An occult tinged mystery. Portrait of a Witch by Albert E. Cowdrey takes place on Little Antenora in the Caribbean, as hapless accountant Alfred Engle is pressured by the FBI into taking a position with the wealthy Lord Pye to help them unravel a series of murders that seem to be connected with Lady Pye. The story moves along, slowly building tension as it progresses from depicting a fairly bucolic, albeit somewhat quirky manor house on a remote island with an apparently kindly and generous English patron engaged in some minor and moderately benign lording over the native population and from there ratcheting things up the the revelation of the nastiness of Lady Pye and a couple of unexplained deaths. The story is somewhat devious, first making the reader think it is going in one direction and then reversing the field and dashing in the opposite direction. The only real weakness to the story is that the mystery isn't solved, so much as it is simply revealed when a character, for no real apparent reason at all, just explains everything near the end, almost as if Cowdrey got to the point where he was tired of the story and just wanted to cap it off in a hurry.
Set in a small town in the Louisiana bayou, Farewell Blues by Bud Webster features a jazz band that finds itself caught up in strange supernatural events that end up costing them their coronet player. Told by Juney Walker, a jazz trumpeter from the backwoods of Virginia, the story focuses on the small quartet, including Jake, who Juney describes as the best coronet player of all time. While the band is working a gig in a roadhouse in a town named Bayou Cane, strange things begin to happen, including the dead returning to walk among the living, and strange frog-like beasts rising up from the swamps. Despite these rather obvious supernatural events, the story has a dream-like quality that always seems to circle around the story, hinting at what is happening and what is at stake but never quite making everything clear until the big climax at the end, and even in its resolution the story has a bit of an enigmatic feel. There is a lot packed into this story ranging from a visitor from the dream world, to mysterious wise bayou dwellers, to reunions with dead relatives, to an epic battle against evil, but even with this much going on, the story avoids overflowing its bounds - although there are a few plot elements that are hinted at more than they are explained.
A story about a poor beggar girl who yearns to be a storyteller, Telling Stories to the Sky by Eleanor Arnason feels like it is itself a folk tale of the sort that would be told by a storyteller in the market square of an ancient trading city. The main character is an orphaned beggar girl named Swallow who loves stories, but cannot be a storyteller because of her gender, so instead she writes a story on a kite which ends up being carried away by the wind. In short order the North Wind asks her to join his court and tell him stories, which is where many stories would stop. But for Swallow her breezy benefactor is both a source of happiness and a source of troubles, which causes some interesting twists and turns. This being a mixture of a folk and fairy tale, everything works out reasonably well at the end, but Swallow has to endure a few bumps along the way to get there. Another folk tale based story, The Gazelle Who Begged for Her Life by Francis Marion Soty is a retelling of a story from 1,000 Nights involving a jealous wife, a doomed concubine, a shepherd girl with aspirations, a husband on a mission, and, finally, a Jinn with a dead son who serves as the audience for the tale. When the story opens, the merchant, a man named Kafar, is leading a gazelle to its death, with seemingly cold-hearted immunity to the creature's silent pleas for mercy. After accidentally killing a Jinn's son by throwing pomegranate seeds, Kafar recounts the series of events that led him to this point as a means of trying to placate the furious and vengeful Jinn. What follows is a story of love, betrayal, murder, and magic. By the end of the story, the emotional tone of the opening pages is completely reversed, making the merchant much more sympathetic, and the gazelle much more sinister.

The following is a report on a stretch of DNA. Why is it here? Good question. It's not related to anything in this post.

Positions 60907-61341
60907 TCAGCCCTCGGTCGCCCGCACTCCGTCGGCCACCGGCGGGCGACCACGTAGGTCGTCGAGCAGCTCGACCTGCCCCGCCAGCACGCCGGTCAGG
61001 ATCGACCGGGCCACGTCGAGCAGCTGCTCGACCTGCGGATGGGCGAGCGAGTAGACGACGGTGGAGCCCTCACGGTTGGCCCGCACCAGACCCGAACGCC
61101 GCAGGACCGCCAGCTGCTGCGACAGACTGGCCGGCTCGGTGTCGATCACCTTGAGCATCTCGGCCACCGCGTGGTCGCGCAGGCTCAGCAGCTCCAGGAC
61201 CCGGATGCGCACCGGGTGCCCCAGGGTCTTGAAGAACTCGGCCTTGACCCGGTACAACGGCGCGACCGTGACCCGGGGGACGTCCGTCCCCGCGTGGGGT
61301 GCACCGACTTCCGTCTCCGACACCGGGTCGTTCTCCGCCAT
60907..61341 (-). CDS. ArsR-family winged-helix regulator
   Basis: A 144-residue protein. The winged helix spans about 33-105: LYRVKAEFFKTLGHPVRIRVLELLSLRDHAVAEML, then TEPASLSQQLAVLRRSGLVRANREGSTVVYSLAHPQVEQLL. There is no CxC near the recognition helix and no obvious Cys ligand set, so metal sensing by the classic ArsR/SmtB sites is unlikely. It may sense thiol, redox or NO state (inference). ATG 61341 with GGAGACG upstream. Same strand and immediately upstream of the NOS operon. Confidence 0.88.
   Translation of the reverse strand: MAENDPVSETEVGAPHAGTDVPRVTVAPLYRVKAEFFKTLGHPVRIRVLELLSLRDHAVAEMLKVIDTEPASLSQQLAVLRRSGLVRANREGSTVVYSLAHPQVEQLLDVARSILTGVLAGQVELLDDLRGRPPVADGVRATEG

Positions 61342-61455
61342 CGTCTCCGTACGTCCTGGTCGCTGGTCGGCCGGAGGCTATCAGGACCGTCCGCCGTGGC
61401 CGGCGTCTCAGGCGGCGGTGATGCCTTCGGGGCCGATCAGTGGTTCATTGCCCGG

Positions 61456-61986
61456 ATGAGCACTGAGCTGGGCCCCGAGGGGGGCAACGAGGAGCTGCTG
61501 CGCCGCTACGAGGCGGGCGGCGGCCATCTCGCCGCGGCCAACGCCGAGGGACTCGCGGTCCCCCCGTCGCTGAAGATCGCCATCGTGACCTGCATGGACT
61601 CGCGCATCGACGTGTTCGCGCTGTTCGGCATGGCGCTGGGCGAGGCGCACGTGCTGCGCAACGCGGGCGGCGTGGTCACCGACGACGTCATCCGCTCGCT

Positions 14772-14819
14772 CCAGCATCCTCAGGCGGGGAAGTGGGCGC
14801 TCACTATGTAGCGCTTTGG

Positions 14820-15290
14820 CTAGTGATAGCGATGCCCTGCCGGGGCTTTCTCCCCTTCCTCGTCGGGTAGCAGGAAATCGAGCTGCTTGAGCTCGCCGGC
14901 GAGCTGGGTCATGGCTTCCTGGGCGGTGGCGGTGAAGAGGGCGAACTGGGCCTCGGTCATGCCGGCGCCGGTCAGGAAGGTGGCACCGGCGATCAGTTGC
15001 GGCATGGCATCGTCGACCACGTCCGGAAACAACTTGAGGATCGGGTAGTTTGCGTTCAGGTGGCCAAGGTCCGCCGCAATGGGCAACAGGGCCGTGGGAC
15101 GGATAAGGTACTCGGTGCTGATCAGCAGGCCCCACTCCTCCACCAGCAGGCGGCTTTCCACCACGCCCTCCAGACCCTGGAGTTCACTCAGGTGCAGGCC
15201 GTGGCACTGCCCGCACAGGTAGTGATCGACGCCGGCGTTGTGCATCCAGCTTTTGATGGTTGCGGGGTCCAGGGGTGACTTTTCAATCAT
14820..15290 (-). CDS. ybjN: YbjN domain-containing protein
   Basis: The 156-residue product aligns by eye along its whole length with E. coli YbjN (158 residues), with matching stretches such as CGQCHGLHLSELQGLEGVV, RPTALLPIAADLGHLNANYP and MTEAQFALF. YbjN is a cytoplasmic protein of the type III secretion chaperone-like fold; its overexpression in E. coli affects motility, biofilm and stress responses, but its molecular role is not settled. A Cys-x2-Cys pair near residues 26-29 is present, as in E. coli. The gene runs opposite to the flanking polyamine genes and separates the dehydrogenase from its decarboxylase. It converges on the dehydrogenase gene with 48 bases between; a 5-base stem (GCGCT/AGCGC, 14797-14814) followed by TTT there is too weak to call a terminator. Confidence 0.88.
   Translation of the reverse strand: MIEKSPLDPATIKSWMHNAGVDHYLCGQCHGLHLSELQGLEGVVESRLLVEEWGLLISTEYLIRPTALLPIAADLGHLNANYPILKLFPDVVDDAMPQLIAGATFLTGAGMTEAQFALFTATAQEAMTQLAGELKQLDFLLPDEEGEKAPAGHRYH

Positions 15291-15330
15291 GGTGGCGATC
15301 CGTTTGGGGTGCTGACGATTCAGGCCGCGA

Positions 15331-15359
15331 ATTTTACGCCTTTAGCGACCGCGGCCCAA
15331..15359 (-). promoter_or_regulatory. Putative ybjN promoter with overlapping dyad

Eric Schwitzgebel tackles the question of theodicy in Out of the Jar by imagining a protagonist who turns out to be living in a computer simulated world run in the computer of a somewhat callous teenager who takes the position of "God" for this world. Most of the story is taken up with examining the different ways that the teenaged "God" of the world justifies his whims and cruelties to the protagonist, who starts as a philosophy professor, and later connives his way into being a robot dinosaur. As the author is a philosophy professor who examines the question of theodicy in his professional life, this story seems to be a little bit autobiographical on some points, which gives the story an even creepier feel as it progresses. One hopes that the autobiographical nature of the story ends with the protagonist contemplating how God can commit evil, but in the back of the reader's mind one has to worry that Schwitzgebel has spent some time serving as the almighty's pet dinosaur while plotting his downfall, which is a somewhat disturbing thought. As a story, however, this works pretty well, and is a reasonably interesting take on an old philosophical question.